• Educating yourself and loved ones about diabetes, its symptoms and how to prevent and/or manage it
  • Working with your doctor to create a wellness plan and following his/her instructions

As a result of the high rate of diabetes in the Hispanic community, NHCOA created Salud y Bienestar (Health and Well-Being) – a national flagship program that educates and informs Hispanic older adults, their families and caregivers on how to prevent and/or manage diabetes and its complications. Originally funded by the CDC, Salud y Bienestar has helped thousands of Latino seniors and families over the last several years make healthier lifestyle changes.

Employment and Demographic Changes and the Need for Paid Sick Days

By Jason Coates, Public Policy Associate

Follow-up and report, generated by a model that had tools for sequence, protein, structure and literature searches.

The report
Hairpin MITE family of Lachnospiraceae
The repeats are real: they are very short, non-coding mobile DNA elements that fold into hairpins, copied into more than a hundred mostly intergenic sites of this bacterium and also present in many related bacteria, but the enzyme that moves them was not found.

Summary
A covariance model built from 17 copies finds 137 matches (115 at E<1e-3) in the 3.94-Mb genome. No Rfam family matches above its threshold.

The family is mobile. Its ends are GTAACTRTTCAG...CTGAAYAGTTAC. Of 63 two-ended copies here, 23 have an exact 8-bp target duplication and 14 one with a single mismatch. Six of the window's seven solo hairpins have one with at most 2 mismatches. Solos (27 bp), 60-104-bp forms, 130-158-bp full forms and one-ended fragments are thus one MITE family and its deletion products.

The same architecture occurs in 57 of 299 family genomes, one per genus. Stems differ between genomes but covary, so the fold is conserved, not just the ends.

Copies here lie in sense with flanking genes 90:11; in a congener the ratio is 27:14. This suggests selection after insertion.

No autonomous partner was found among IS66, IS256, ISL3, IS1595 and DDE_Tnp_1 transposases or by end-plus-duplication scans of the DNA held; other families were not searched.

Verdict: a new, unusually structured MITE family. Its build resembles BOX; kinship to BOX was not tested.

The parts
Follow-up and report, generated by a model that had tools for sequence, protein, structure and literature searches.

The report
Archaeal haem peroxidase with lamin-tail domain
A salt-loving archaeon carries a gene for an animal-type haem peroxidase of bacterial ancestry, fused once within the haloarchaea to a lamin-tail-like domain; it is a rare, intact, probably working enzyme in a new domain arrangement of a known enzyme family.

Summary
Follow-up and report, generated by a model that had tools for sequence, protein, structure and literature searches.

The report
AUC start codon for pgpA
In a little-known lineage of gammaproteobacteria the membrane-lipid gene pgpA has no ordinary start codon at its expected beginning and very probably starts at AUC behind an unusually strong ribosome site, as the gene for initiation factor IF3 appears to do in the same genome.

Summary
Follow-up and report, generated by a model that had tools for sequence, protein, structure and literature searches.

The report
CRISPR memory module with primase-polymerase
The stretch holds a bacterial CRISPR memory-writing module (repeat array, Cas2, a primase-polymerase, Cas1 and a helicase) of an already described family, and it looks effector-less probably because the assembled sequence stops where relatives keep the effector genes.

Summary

One of the National Hispanic Council on Aging’s (NHCOA) biggest priorities is empowering people to enter old age with economic security.  These goals have become more difficult in recent years, as middle class households have seen their incomes decline.  Further, since the financial crisis in 2008, the U.S. economy has lost middle income jobs.  Making matters worse, the largest job gains have come in the form of lower wage occupations, which are more likely to lack paid sick leave.  These two factors – the replacement of middle wage jobs with low wage jobs and the tendency of low wage work to lack the benefit of paid sick days – means that the time is ripe for federal, state and local governments to enact policies that enable working people attain economic security.